Along the political science basis vector, the π-Stigler fears that African-American action to get the federal government to act on its side will (i) induce a white backlash, (ii) induce a federalism-small government backlash, (iii) lead to a wealth-destructive quota régime of economic regulation, and (iv) distract the African-American community from the more important and more effective task of building social and human capital, both because African-American leaders want to get on TV rather than serve their communities, and because African-American youth will learn that they shouldn't study and work but instead burn things down because whitey is to blame. This π-Stigler seems to me to be highly engaged in unprofessional motivated reasoning. It takes a certain kind of strange mind to view working for (a) equal rights, (b) appropriate reparations, and (c) community uplift as exclusive options only one of which can be chosen.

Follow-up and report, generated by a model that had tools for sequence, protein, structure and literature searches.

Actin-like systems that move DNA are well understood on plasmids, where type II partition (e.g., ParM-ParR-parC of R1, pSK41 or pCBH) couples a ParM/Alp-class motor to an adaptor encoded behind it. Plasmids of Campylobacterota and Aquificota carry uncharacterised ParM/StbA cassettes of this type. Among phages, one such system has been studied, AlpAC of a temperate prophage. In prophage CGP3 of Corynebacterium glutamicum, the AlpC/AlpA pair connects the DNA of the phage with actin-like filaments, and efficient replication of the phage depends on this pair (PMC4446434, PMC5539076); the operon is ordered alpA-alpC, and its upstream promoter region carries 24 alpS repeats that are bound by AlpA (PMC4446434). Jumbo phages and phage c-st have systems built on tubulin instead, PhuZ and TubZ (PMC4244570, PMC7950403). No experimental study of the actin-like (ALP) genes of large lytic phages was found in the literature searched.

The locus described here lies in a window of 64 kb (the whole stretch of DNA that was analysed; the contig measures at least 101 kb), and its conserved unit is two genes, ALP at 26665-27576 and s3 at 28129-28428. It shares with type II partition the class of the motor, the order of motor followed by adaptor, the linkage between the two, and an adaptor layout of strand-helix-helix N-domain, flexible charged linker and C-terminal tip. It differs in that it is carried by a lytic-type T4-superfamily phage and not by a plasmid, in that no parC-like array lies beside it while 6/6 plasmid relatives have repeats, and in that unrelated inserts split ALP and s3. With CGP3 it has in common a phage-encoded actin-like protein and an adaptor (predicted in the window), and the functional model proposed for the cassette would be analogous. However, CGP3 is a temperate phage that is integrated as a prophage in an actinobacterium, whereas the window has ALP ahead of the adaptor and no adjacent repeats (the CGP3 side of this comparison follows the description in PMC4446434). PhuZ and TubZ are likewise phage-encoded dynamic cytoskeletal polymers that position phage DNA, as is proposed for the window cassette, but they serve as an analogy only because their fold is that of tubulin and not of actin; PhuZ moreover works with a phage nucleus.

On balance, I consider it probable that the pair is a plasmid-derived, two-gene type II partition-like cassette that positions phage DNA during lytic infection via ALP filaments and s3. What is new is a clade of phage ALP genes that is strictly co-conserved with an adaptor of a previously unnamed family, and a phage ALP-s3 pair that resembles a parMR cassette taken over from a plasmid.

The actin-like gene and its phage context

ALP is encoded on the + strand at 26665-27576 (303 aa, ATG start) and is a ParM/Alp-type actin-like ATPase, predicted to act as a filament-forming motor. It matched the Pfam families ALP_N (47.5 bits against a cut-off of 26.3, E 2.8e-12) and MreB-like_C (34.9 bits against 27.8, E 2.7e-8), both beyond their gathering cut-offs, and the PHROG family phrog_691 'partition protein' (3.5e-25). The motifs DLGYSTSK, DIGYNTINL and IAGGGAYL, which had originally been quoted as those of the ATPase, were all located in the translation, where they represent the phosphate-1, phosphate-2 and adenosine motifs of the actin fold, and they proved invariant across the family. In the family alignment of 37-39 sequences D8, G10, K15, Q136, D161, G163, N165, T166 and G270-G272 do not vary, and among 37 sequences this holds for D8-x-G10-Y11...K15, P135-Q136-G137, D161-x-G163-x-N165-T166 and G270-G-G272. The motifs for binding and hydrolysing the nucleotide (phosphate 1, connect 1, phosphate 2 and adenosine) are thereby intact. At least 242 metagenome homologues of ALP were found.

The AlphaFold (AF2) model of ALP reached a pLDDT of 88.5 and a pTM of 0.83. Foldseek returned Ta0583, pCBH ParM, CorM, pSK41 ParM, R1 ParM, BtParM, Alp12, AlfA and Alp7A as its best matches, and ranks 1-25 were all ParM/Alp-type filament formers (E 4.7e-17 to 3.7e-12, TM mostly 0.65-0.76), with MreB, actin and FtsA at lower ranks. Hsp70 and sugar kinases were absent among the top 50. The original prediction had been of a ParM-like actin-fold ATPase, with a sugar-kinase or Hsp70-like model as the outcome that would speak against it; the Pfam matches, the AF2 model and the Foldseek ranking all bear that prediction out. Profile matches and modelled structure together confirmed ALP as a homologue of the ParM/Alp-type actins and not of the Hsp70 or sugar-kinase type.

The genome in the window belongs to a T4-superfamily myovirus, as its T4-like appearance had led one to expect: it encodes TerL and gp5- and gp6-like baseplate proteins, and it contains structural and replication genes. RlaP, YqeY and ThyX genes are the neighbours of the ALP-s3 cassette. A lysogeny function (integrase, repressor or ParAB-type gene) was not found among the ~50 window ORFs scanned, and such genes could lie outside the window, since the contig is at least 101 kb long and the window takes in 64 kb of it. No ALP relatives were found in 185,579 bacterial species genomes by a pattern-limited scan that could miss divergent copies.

Then there is the bigot basis vector: The β-Stigler denounces the "much greater disservice... of the leaders of Negro opinion... direct[ing the discontent at the white population"; condemns the "demonstrations, growing in... insolence'; sneers at "the political, intellectual, and religious leaders of the nation" for "approv[ing] or at least tolerat[ing] these demonstrations; sneers again at "a semi-literate Negro teenager in a slum"; sneers again at "Negro youth" who lack "the love of knowledge and the willingness to work hard and achieve it; and condemns the "Negro leaders should be helping the emergence of this cultural tradition" but are "instead... diverting Negro energies to better school buildings". The β-Stigler then goes on to note that the average Negro "lacks a desire to improve himself, and lacks a willingness to discipline himself"; is "inferior... as a worker... lacking a willingness to work hard"; condemns Negro leaders for "not fostering the ancient virtues of diligence and honesty and loyalty" because "it is so much easier to seek quotas for Negroes"; expresses sympathy for the white man's repulsion and avoidance of the average "Negro family... a loose, morally lax, group" bringing "a rapid rise in crime and vandalism" and lacking "the liking and respect that sober virtues commend"; and again condemn the "leaders of Negro thought" for falsely pretending that "individual responsibility could be bought" if only Negro incomes were higher by "a thousand dollars a year". The β-Stigler then goes on to approve of the Jews, and how "they are in the rapid process of losing their identity". And the The β-Stigler sneers again at "The leaders of Negro opinion": "How much easier to march on the mayor than to teach industry to a boy!" "How much simpler to keep the children home to coerce the school board than to instill in them a love of art and literature and science! The task does not allot a large role to the prominent leaders". And the β-Stigler closes by adding those pushing for decolonization to his list of villains: "Africans are poor and ignorant? Out with colonialism! The American Negro is a lesser citizen? To the barricades!" Enough said.